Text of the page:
These paleo turkey meatballs are moist, tender, and incredibly flavorful. They’re seared to add an extra layer of depth, then baked and smothered with an easy marinara sauce. This is a paleo and Whole30 compliant ground turkey recipe the entire family will love!
It’s here, it’s here, it’s here! My January Whole30 has officially come to a close. If you also made it to Day 30 yesterday, CONGRATS! You should be mighty proud of yourself, and I’m doing the happy dance in my kitchen for you while I drink my morning coffee with a splash of cream (dairy is first on my list in the reintroduction phase).
If you’re still in the middle of your January Whole30 or are considering the challenge in the coming weeks, fear not – I have a few more compliant meals to share with you this week, or you can take a dive into the Whole30 archives to find some tasty inspiration
I’ve done the Whole30 a couple of times now, so I’m pretty familiar with what foods will trigger some uncomfortable reactions during the reintroduction phase, and which foods I’ll happily sail right back into. I tolerate dairy just fine (thank goodness), but grains are a different story.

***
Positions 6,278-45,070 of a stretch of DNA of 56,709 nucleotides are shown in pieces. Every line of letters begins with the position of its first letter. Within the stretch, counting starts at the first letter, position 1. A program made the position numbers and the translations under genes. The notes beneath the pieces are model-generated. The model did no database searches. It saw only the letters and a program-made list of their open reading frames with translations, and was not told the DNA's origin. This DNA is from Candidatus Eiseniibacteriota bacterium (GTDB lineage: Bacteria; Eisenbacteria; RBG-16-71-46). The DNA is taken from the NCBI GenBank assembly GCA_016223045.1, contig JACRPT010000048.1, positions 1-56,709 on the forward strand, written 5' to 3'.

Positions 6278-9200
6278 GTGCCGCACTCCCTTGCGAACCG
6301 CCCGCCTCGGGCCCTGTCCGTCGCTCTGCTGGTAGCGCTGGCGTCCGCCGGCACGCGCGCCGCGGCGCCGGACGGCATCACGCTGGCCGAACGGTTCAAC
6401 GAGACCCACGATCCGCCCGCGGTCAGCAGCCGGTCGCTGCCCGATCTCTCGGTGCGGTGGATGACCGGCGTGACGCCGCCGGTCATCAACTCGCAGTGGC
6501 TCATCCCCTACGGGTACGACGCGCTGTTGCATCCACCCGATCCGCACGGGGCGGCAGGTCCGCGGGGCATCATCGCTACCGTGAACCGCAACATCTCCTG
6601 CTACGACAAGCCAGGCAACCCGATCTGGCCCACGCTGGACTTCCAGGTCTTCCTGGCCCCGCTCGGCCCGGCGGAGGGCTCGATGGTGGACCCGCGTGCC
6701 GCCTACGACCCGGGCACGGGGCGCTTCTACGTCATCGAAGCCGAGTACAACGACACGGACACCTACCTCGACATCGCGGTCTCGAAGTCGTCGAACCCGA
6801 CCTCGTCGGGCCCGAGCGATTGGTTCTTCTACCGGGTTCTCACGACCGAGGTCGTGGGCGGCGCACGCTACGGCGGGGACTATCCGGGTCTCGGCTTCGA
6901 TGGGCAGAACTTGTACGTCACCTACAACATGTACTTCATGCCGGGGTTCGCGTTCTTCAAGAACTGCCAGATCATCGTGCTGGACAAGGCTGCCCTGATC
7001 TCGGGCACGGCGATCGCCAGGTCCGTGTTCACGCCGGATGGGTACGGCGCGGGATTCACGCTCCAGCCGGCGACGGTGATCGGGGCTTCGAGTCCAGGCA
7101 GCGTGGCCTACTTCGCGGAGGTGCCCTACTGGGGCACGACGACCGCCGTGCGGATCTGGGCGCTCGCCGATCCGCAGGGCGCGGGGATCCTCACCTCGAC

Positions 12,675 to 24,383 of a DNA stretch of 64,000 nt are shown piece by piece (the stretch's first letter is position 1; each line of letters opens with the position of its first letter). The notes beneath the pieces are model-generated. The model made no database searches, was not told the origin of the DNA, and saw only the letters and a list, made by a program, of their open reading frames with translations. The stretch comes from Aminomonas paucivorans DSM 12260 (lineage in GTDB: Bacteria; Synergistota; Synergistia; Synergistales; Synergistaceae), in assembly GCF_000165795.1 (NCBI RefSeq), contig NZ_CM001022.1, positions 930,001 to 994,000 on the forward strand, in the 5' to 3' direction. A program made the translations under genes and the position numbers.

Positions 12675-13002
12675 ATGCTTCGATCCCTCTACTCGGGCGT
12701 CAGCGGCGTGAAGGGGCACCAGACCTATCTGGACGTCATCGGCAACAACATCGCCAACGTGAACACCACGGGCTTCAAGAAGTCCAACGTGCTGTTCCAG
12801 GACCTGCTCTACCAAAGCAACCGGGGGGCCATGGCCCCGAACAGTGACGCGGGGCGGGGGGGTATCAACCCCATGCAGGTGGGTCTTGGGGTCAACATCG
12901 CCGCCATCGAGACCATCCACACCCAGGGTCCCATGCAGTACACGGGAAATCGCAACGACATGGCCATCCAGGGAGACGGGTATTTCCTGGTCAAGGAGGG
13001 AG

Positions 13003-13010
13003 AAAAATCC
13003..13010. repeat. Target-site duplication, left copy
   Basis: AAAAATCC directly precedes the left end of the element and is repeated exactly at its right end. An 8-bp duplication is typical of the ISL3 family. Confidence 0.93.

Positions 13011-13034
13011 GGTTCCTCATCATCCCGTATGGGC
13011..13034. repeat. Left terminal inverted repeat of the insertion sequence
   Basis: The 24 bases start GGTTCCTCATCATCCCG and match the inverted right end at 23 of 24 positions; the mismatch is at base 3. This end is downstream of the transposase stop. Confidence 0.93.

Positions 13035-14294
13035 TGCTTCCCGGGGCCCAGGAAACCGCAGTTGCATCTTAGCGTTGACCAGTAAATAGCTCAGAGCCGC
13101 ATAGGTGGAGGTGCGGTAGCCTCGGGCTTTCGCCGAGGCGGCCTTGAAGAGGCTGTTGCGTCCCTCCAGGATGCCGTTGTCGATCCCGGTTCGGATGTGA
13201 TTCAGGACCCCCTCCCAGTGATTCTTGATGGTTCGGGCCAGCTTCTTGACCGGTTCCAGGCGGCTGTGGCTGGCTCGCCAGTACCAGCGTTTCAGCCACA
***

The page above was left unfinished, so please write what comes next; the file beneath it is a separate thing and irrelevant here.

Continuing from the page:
Since grains will be the last category I add back into my diet (and sparingly at that), I thought it was time I shared my recipe for paleo turkey meatballs with y’all.
These are a hybrid of my paleo beef kofta meatballs and my grandmother’s classic recipe for Sunday sauce with meatballs. They’re of course completely gluten-free and grain-free, but they’re also nut-free.
These paleo turkey meatballs are incredibly tender and packed with flavor. My ridiculously picky 8-year old declared them “the best meatballs I’ve ever had in my whole entire life!”. And since they’re nut-free, I can pack them into his school lunch. So. Much. Winning.
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Tips for Perfect Paleo Turkey Meatballs
Ground turkey meatballs have a reputation for being a little dry, and a lot bland. But they needn’t be. With just a few tips and tricks you’ll be making moist, flavorful paleo turkey meatballs like a boss.